Forget for a moment that these agencies benefit our country socially, culturally, educationally and medically. They are also clear economic winners, with a profound return on investment. And the President of the United States, whether out of ignorance or malice, wants them gone. It’s for moments like these that Hans Christian Anderson wrote “The Emperor’s New Clothes.”

Now, contrast this with Lori Lightfoot.

At the Mayoral Arts Forum hosted by Arts Alliance Illinois, our new Mayor certainly had key facts at her disposal (for example, that the arts have a $2.25 billion-dollar annual impact just on Chicago’s Loop). She also embraced broad social perspectives about the arts, and opined that Chicago’s greatness will be measured in part by how welcoming and livable it is for artists. And, buttoning her remarks with both savvy and sensittivity, she quoted Steppenwolf Theatre’s former artistic director, the late great Martha Lavey:

We are fortunate to live in a city that recognizes that artists, and the institutions that support their work, are essential to the quality of life in the city, and to its future. Chicago is a city that recognizes the great human need for beauty, for story, for the respite that the arts provide to engage our imagination. The arts permit us to shift our frame of reference, to see the world through the eyes of another, to see and hear the world anew.

That same Martha Lavey quote headlines Lightfoot’s “Advancing Arts & Culture” policy statement, something none other Mayoral candidate created, in which the soon-to-be-Mayor declared her intention to:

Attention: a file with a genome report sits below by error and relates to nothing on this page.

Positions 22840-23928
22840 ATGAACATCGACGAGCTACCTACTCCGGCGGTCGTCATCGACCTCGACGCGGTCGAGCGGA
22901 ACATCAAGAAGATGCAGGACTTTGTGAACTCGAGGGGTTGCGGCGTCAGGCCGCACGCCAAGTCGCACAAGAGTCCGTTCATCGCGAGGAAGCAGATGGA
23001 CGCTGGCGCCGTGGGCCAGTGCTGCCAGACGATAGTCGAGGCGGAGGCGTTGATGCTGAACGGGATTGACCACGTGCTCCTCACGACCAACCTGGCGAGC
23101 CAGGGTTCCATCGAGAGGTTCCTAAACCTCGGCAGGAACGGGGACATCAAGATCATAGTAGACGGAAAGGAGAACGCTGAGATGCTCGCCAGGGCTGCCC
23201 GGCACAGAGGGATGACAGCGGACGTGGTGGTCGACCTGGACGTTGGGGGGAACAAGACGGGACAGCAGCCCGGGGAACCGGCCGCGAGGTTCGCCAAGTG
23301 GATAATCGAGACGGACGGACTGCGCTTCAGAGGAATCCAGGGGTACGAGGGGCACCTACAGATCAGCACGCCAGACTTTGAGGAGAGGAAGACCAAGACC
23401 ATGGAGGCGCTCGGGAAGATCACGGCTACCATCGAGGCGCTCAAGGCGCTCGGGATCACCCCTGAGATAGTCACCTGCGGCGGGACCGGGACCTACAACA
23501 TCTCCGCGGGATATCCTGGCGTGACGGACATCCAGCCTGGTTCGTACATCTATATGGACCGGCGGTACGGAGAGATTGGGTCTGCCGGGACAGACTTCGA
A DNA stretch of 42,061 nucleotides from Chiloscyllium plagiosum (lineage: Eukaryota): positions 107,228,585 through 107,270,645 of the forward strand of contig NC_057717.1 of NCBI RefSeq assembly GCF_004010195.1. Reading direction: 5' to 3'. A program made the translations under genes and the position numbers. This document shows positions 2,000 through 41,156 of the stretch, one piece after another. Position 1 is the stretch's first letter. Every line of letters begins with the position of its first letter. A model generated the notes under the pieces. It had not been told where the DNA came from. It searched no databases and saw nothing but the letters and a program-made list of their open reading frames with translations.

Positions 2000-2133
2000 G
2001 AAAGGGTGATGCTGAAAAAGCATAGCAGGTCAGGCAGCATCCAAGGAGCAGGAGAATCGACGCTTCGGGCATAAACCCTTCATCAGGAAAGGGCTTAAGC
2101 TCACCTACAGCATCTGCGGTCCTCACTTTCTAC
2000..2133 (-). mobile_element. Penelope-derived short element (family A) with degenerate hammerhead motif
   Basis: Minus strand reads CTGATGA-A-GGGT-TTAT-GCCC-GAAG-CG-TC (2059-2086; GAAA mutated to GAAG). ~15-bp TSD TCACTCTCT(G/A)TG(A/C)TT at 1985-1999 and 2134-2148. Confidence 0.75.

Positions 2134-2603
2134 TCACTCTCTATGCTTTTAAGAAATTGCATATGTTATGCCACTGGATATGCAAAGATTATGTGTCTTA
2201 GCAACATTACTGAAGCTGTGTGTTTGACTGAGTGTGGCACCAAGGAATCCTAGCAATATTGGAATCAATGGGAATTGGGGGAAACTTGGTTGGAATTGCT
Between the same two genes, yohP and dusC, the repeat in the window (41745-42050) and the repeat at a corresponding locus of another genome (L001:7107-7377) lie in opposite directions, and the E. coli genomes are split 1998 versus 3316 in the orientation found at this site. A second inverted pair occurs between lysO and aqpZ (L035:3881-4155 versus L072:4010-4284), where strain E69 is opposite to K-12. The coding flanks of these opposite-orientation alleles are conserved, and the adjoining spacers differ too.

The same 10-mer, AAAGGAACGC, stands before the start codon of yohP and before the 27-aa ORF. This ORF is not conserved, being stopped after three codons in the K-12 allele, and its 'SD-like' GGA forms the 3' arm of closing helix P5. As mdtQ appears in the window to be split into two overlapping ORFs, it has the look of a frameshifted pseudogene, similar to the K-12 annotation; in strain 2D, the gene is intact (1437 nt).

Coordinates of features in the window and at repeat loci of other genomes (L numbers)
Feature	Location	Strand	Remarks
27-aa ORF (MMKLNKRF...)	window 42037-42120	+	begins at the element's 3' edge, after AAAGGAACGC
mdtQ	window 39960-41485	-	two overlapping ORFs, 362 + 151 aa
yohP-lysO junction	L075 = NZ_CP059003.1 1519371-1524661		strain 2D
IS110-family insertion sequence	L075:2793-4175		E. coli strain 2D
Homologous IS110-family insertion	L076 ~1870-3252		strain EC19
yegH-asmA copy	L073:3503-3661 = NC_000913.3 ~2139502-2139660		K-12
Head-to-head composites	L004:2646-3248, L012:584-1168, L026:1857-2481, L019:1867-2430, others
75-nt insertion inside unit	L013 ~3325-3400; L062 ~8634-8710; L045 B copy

• Prioritize funding for the Department of Cultural Affairs and Special Events for increased equitable grantmaking and microfinancing to individual artists, arts organizations and arts corridors.
  • Audit and streamline city licensing and permitting regulations, including the Public Performance and Amusement license.
  • Develop an Artist-in-Residence program to build job opportunities for artists and mentorship opportunities for young people.
  • Bring together ideas and resources from the city, philanthropy, culture and the arts to develop policies and strategies to keep artists living and working in Chicago.
  • Build investment in Chicago’s public art program by overhauling the Percent for Art ordinance.
  • Enhance the voices of socially-active artists to encourage civic engagement and support developing creative conversations and solutions to our city’s biggest challenges.

Mayor-Elect Lightfoot speaks as someone who sees the arts as a unique way to embrace the most essential part of our humanity.

She acts as someone who sees them as a force through which we can shape and improve the way we talk with and learn from each other.

And she appears to think in a way that suggest that “Yes And” actually means something to her.

Time will tell.

But for now, I'm gratified that the arts played a pivotal role in revealing not just what Lori Lightfoot wants to do for our city, but how and why she plans to do it.

And I'm optimistic that our new Mayor will approach arts policy, and indeed all policy, with the kind of creative, improvisational and ensemble mindsets characteristic of the arts in Chicago.